MILLIONS of American motorists undoubtedly became a little annoyed when President Bush said they should cut back on their driving. Most folks, painfully aware of the price at the pump, have already changed how they drive.
Unessential trips have been eliminated. Errands have been combined. Who takes a Sunday drive for the fun of it any more? The country seems a little ahead of Mr. Bush's call to conserve gasoline in the aftermath of two killer hurricanes.
The driving public was dealing with high gasoline prices long before Katrina and Rita came along. In April, 2004, the national average price for a gallon of gasoline was $1.75, and that was a 6-cent increase over March, 2004. Today motorists think they are getting a bargain when gas prices dip to $2.75.
Americans know that they have to conserve. And it's not just gasoline. Natural gas prices are headed up dramatically for the winter heating season. By year's end, many households will spend $500 more on energy this year than last.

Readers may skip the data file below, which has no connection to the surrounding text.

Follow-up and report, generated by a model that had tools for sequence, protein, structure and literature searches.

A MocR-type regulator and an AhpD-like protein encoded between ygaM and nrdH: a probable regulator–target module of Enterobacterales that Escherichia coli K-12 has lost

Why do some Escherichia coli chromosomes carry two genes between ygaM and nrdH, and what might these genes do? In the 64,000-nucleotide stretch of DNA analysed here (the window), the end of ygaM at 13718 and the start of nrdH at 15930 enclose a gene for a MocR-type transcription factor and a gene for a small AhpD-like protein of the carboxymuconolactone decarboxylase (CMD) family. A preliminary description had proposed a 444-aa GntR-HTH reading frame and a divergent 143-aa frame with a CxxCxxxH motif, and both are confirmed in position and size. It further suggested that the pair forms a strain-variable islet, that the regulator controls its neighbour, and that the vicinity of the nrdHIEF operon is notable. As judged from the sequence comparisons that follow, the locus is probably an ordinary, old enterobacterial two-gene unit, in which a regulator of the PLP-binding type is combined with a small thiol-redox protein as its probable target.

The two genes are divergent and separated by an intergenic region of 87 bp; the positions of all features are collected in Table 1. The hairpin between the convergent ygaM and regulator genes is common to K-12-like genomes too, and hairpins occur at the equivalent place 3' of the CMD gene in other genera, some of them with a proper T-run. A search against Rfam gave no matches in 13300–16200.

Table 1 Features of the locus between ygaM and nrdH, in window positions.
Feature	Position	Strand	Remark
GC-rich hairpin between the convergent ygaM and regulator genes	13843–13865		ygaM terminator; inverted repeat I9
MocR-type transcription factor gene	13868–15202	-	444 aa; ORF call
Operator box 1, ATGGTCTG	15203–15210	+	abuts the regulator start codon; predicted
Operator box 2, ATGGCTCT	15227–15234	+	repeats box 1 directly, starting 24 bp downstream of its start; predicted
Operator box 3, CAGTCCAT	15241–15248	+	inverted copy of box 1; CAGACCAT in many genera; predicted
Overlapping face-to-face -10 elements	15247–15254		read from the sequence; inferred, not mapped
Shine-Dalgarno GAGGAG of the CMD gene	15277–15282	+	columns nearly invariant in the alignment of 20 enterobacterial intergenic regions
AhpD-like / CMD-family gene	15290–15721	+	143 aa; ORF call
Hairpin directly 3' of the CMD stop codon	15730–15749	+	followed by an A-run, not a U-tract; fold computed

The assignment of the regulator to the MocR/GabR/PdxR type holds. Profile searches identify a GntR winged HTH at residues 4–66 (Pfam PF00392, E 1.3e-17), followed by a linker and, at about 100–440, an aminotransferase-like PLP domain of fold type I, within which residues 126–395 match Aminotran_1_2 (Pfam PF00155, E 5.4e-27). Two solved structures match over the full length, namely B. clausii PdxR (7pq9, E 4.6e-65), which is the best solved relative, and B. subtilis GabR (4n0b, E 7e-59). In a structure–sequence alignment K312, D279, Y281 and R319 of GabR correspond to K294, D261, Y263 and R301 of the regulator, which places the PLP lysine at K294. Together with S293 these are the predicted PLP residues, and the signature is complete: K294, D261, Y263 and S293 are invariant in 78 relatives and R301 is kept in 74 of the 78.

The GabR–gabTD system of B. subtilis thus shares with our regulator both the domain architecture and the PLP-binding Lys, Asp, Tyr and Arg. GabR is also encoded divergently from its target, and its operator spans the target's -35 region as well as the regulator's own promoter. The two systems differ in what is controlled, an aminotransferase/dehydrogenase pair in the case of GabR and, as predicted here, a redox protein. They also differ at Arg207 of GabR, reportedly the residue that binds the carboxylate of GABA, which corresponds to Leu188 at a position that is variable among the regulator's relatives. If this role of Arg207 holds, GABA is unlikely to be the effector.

No wonder mass transit ridership has increased. After Hurricane Katrina, when the cost of a gallon of gasoline pushed past $3, TARTA's ridership increased 7.2 percent in the three days after Labor Day, compared to a year ago.
No wonder some of our readers have already asked in the Readers' Forum how much fuel the President burned on his seven trips to the Gulf Coast.
For those who have been driving a while, talk about energy conservation evokes images of the 1970s, when former President Carter promoted conservation during that era's oil crisis. Mr. Bush has not proposed energy conservation policies, so for Americans who are not already doing it, carpooling deserves consideration, too.
But there is a way to conserve that obviously hasn't crossed many motorists' minds: drive the speed limit. Faster speeds use more gas, in addition to raising the risks of injury and death.
Slow down and drive the speed limit. Gasoline supplies depend on it, and so do lives.